At step S30 of FIG. 3 the synchronization system 1 aligns the symbol clock of the candidate base station 20, 30 to the serving base station 10 according to the symbol clock differences. The serving base station 10 transmits its down link “event” at time T0, for example, when a phase change occurs between symbols in the transit. As shown at FIG. 4, the transmission time T0 for the phase change occurs when the symbol clock goes high. The down link transmission time T0 determined by the serving base station 10 is marked on the symbol clock of the candidate base station 20, 30, and is aligned with the known point in time when the serving base station 10 sends the down link “event”. The synchronization system 1 determines a down link offset D0 as the time between the transmission time T0 and the beginning of a next symbol clock cycle at the candidate base station 20, 30. Accordingly, the down link offset D0 represents the symbol offset between the clocks of the serving base station 10 and the respective candidate base station 20, 30.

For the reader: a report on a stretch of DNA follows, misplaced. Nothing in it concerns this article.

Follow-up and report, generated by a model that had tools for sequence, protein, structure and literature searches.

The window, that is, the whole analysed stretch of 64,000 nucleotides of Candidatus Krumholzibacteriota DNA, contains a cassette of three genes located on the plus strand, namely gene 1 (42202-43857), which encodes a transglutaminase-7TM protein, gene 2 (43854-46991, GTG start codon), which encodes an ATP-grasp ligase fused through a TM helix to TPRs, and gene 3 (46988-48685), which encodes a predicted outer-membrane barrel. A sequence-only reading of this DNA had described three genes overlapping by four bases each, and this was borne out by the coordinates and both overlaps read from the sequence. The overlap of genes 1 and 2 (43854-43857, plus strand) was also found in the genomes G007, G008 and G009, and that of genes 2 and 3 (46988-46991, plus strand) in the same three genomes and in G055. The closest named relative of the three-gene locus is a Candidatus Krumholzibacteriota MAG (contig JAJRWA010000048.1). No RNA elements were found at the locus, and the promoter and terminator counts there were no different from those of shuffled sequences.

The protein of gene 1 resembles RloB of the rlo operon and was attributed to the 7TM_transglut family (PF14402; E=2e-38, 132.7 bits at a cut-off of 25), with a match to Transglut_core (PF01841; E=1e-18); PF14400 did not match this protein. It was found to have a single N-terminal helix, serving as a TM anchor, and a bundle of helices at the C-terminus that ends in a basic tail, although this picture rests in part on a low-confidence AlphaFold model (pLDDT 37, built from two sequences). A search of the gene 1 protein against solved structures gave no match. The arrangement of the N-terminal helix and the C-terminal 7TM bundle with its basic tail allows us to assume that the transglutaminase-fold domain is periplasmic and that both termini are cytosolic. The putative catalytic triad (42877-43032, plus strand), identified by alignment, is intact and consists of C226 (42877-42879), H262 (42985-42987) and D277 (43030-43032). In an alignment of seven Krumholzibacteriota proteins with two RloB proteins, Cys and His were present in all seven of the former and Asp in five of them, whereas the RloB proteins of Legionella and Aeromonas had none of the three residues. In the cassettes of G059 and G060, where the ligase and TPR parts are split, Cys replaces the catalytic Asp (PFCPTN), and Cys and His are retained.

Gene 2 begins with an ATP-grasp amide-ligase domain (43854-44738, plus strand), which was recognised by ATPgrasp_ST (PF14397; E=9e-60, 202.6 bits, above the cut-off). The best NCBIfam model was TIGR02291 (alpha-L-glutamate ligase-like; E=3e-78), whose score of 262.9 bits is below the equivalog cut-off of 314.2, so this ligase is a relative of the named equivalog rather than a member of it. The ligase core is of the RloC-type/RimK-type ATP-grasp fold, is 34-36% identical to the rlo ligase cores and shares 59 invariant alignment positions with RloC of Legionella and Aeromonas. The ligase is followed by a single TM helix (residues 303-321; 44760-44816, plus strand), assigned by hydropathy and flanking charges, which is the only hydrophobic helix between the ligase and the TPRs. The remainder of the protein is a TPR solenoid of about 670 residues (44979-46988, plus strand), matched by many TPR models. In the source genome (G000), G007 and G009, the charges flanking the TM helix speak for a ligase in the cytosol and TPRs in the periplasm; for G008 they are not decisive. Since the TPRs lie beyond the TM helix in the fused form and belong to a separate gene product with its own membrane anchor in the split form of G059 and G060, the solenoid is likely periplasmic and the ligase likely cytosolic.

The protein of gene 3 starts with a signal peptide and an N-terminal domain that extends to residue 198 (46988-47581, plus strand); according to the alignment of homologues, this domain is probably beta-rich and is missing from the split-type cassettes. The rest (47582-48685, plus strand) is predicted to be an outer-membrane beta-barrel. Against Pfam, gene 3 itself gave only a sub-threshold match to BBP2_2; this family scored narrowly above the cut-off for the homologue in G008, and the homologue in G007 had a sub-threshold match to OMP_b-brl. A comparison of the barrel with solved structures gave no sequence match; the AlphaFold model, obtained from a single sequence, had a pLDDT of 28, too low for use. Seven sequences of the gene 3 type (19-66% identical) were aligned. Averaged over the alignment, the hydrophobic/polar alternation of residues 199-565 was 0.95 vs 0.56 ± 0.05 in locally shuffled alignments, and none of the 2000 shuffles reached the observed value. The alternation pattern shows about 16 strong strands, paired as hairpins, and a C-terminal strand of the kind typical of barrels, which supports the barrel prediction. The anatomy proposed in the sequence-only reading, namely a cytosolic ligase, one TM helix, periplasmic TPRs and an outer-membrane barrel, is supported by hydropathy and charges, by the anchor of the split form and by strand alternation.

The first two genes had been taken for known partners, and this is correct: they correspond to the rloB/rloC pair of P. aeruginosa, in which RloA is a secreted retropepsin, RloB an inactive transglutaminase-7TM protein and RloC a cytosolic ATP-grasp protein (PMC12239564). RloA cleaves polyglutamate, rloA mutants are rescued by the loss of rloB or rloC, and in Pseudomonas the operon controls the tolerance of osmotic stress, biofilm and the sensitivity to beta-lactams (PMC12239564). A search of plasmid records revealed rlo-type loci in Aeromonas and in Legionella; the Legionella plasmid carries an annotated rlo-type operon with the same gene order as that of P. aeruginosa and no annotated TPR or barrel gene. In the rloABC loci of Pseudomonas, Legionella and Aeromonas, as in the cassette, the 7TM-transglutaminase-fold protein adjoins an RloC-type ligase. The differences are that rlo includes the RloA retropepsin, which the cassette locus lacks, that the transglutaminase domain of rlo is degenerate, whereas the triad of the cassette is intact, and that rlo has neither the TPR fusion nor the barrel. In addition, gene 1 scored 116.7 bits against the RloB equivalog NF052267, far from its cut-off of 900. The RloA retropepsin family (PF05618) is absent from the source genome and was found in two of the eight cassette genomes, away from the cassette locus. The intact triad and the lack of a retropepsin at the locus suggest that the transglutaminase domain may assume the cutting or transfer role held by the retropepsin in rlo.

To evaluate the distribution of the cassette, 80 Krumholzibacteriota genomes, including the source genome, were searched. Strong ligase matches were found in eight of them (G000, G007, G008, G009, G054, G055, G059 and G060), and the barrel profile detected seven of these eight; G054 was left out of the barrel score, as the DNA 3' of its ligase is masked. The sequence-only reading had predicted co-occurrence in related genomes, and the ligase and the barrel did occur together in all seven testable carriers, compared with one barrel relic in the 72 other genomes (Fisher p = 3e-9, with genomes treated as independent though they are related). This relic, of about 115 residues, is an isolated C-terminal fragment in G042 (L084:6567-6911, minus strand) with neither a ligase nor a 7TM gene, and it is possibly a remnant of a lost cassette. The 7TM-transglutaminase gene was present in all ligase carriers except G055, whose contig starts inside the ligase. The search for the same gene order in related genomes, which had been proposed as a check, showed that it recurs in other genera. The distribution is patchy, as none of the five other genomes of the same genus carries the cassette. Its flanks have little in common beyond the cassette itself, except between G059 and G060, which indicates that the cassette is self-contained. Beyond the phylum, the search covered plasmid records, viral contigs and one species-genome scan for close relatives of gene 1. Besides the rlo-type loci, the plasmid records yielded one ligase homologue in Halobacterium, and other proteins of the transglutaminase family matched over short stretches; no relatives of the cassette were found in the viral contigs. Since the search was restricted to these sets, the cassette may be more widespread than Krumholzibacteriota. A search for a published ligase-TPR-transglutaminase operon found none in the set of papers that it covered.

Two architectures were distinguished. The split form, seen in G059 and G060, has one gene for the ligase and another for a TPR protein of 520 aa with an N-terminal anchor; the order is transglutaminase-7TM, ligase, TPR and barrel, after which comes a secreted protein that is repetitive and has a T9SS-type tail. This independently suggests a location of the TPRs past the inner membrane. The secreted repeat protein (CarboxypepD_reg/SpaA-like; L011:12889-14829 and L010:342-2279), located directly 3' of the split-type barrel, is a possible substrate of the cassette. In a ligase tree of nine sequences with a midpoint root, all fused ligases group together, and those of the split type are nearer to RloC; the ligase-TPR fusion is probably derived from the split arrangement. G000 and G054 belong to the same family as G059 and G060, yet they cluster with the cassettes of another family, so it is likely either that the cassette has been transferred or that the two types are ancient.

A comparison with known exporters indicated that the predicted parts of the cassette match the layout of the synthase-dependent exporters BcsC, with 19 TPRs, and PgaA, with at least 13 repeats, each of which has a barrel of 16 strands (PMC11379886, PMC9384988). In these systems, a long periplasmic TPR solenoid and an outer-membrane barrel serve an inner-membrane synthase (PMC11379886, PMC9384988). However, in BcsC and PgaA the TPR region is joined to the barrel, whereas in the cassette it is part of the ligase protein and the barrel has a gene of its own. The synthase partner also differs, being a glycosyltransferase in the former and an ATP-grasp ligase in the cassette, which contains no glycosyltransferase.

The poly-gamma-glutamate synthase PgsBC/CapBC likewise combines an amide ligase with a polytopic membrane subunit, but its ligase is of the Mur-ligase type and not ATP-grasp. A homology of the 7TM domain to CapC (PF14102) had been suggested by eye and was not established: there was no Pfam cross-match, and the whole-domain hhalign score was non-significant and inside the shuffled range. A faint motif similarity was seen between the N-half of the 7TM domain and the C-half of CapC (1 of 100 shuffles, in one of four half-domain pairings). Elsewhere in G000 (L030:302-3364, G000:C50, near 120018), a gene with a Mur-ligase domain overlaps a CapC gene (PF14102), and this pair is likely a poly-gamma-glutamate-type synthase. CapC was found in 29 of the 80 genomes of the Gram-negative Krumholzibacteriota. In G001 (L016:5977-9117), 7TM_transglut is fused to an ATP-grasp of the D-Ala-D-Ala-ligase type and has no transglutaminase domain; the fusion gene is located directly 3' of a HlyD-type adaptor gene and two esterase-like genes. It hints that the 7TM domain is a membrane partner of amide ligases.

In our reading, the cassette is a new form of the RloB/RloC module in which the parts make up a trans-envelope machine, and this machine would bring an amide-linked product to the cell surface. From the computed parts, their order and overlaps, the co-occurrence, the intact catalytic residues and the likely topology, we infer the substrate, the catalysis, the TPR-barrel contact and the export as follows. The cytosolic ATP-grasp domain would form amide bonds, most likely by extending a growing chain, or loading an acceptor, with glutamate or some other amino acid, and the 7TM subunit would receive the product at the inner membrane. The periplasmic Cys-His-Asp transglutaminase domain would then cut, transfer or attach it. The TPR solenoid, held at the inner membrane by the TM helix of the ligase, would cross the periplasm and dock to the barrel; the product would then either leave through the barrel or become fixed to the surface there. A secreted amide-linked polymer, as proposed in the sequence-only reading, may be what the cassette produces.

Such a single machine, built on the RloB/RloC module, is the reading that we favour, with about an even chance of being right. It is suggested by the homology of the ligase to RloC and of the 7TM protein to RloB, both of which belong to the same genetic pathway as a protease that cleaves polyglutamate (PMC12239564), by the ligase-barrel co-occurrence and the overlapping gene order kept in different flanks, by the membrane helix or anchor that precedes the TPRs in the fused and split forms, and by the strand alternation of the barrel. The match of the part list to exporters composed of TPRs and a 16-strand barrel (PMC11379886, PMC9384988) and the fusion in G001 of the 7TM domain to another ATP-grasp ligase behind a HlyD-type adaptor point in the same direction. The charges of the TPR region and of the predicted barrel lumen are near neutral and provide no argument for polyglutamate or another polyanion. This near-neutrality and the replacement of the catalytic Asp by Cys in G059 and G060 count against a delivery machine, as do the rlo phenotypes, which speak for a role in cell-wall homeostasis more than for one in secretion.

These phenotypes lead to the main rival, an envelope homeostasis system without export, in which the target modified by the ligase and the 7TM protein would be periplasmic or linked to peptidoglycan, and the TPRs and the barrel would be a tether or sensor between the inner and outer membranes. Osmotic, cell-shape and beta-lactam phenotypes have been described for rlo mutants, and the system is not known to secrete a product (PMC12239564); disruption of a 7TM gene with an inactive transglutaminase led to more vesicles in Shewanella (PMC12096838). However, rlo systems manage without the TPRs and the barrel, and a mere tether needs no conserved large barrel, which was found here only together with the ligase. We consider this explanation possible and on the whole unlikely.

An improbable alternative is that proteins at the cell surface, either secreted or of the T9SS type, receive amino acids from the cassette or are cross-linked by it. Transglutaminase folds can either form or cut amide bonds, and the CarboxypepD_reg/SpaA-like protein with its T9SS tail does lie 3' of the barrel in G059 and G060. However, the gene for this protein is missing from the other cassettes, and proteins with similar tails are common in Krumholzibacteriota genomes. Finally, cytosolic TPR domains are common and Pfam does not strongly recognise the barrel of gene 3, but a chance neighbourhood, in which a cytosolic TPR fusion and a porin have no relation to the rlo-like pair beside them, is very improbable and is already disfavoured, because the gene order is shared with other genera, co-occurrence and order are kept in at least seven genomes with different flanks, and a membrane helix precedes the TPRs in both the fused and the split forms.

Thus the symbol clock of the candidate base station 20, 30 is synchronized with the symbol clock of the serving base station 10 because any point on the symbol clock of the serving base station 10 corresponds to a similar point on the symbol clock of the candidate base station 20,30 shifted by the down link offset D0. Accordingly, by aligning the predetermined time of the symbol clock at the serving base station 10 with the calculated down link transmission time T0 the candidate base station 20, 30 is synchronized with the serving base station 10.

Next, an approach for measuring the time between a transmission event from the serving base station 10 and receipt of a subsequent event will be explained with references to FIGS. 4 and 5. Once the candidate base station 20 or 30 is synchronized with the serving base station 10 based on the down link offset D0, subsequent “events” are also synchronized. That is, a subsequent time stamp received at the candidate base station 20, 30 can be measured from a known point on the symbol clock of the serving base station 10. Therefore, a subsequent signal can be received by the candidate base station 20, 30, and the synchronization system can determine a time difference between the time of the transmission down link T0 and the receipt of the subsequent signal.